Teaching lexically, materials writing and the CELTA – interview with Hugh Dellar

Issues in ELT

In this episode we talk to Hugh Dellar, an experienced teacher, teacher trainer and materials writer. We start off by discussing the lexical approach, what it is, how it differs from other ELT approaches and how teachers can utilise it. We then go on to talk about Hugh’s books ‘Outcomes’ and ‘Teaching lexically’, co-written with Andrew Walkley, and his latest project: London Language Lab – a language school right in the heart of London. We finish off by discussing Hugh’s recent post about the CELTA course and why it might promote native speakers.

As always, we’re looking forward to your comments. Do you see yourself as a lexical teacher? Why (not)? Do you think CELTA promotes native speakers? Let us know what you think in the comments section below.

hughHugh Dellar is a teacher and teacher trainer with over twenty years’ experience in the field. He is also the co-founder of Lexical Lab and co-author of two five-level General English series, Innovations and Outcomes (now in its second edition), both published by National Geographic Learning. His first methodology book, Teaching Lexically, is due out via Delta Publishing in July this year 2016 and he also co-runs a quality language school in central London – London Language Lab.

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5 Reasons why native speakers should learn how to use English internationally

EFL, International English, Pronunciation

Are you a native speaker? Do you often get misunderstood in meetings where there are many people who speak English as a second language? Why are you being misunderstood? What can you do to avoid this situation the next time?

In this episode we discuss Chia Suan Chong’s recent article for the English Teaching Professional ‘5 Reasons why native speakers should learn how to use English internationally’, which you can read here.

Don’t forget that all our podcasts are also available on a number of music services, and the videos are on our YouTube channel. Just click on one of the logos below to be redirected the service. If you enjoyed one of the episodes, we would appreciate if you rated it or left a comment.

 

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Which pronunciation model should we teach?

Pronunciation

the_English_Speaking_World_0

In this episode of The TEFL Show podcast we follow on from two previous episodes where we discussed the phonemic chart focusing first on vowels here and then on consonants here. So in this podcast we look at the various pronunciation models that teachers offer to students and try to answer the question which pronunciation model should we teach. We focus on our experiences as teachers in Asia, discuss linguistic imperialism and English as Lingua Franca.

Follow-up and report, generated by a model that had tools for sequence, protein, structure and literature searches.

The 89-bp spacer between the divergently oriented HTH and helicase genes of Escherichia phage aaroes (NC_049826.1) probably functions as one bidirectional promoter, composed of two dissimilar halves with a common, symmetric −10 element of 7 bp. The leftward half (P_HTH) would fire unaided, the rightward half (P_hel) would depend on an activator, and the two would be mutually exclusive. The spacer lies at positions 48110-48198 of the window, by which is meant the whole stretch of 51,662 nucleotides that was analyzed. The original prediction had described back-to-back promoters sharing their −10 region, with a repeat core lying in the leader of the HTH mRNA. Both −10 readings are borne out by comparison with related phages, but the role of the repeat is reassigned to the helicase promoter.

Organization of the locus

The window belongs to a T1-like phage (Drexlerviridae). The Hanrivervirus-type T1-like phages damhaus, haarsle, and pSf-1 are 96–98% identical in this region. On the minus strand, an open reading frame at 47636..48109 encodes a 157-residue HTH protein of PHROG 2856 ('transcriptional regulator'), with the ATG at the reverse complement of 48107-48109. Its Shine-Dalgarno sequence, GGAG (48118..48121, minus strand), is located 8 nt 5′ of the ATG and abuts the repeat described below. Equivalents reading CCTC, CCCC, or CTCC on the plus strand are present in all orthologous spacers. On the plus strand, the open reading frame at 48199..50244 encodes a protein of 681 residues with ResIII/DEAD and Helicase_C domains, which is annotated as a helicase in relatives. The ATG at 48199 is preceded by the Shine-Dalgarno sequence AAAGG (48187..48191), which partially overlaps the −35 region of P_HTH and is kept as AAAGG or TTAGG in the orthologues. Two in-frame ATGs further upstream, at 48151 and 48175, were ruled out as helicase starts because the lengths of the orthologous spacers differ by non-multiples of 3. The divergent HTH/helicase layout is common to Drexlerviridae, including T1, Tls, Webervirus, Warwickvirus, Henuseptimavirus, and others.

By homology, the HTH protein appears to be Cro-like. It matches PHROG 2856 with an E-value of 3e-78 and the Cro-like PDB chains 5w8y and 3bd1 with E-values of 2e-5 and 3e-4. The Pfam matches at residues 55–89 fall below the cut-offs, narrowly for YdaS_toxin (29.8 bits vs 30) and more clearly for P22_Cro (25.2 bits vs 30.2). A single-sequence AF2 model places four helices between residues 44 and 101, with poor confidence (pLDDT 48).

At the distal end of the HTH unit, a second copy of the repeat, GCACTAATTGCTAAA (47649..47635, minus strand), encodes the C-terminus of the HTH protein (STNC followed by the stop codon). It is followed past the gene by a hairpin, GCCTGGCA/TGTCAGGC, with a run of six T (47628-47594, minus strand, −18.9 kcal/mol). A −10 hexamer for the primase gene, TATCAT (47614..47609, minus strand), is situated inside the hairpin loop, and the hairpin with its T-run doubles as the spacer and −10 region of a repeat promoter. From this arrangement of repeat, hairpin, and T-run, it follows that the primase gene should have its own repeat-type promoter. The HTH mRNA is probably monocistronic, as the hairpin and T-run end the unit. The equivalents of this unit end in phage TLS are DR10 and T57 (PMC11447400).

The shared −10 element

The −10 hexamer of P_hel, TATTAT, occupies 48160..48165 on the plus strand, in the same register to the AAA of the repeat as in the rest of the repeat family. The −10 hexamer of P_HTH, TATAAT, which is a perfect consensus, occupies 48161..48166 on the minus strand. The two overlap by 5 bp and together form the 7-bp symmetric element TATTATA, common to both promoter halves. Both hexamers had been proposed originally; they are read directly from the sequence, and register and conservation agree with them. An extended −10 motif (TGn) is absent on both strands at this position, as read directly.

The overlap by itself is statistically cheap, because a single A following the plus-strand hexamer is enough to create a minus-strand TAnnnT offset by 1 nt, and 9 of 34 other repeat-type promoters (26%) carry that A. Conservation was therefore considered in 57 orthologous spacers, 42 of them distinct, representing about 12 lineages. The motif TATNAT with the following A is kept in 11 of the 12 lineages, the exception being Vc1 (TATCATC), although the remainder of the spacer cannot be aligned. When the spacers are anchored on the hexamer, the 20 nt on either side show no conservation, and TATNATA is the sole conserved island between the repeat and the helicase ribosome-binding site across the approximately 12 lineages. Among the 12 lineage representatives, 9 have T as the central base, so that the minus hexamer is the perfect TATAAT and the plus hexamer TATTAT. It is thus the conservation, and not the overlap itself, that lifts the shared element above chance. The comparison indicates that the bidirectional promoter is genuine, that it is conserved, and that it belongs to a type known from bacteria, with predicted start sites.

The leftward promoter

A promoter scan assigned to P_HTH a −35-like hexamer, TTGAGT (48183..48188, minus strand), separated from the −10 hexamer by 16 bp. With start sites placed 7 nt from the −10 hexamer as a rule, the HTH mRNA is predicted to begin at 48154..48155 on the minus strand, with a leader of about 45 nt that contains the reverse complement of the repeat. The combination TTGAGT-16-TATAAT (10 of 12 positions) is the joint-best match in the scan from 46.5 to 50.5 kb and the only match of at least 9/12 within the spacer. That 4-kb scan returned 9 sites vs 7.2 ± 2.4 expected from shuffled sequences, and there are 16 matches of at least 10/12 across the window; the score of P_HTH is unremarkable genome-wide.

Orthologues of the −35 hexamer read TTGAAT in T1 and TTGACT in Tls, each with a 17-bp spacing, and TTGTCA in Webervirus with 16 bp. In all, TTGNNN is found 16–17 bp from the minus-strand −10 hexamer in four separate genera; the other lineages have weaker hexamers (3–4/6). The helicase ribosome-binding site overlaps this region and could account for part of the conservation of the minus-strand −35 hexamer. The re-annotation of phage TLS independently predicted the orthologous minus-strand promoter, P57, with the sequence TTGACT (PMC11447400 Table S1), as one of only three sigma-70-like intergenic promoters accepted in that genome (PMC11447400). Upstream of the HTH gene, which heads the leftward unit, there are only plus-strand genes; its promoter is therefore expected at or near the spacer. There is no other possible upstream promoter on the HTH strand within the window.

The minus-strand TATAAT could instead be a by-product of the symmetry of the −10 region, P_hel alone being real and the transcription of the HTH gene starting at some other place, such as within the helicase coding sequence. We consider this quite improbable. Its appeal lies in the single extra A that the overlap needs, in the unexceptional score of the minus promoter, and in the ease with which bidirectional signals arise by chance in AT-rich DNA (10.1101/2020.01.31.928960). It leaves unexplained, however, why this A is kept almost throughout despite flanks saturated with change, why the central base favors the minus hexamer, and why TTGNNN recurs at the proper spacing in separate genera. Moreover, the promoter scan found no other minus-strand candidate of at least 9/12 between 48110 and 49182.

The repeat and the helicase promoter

As usual, we’d love to hear from you, so please leave us a comment below and take part in the poll below. Which pronunciation model should we teach to our students?

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CELTA: some things you need to know

Teacher training

In this episode we give a brief introduction to CELTA, probably the most popular and widely recognised certificate for English language teachers. We start off by describing some of the strengths of the course. In the second half we look at a few shortcomings of the course, and suggest what in our opinion should be changed.

Don’t forget that it’s also available on a number of music services. Just click on one of the logos below to be redirected the service. If you enjoyed one of the episodes, we would appreciate if you rated it or left a comment.

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Should Native Speakers take proficiency tests?

Exams

In this The TEFL Show podcast we discuss whether Native English Speakers (NES) should also be required to provide an official proof of their language proficiency. What triggered the podcast was the fact that more and more English-speaking countries (e.g. Australia) require both NES and Non-Native English Speakers (NNES) to prove their proficiency in English by sitting an internationally recognised exam, e.g. IELTS. Another trigger was what happened to Marek recently. When applying for a PhD in a British university, he was asked to provide results of a proficiency test taken within the last two years. This was despite the fact he’d done his BA in English, completed CELTA, DELTA and that he’s an IELTS examiner, which we think is enough to prove he’s highly proficient. If his passport were British, though, there would have been no need to take any exam, because, supposedly, all NES are always completely proficient. Or are they?

Don’t forget that all our podcasts are also available on a number of music services, and the videos are on our YouTube channel. Just click on one of the logos below to be redirected the service. If you enjoyed one of the episodes, we would appreciate if you rated it or left a comment.

 

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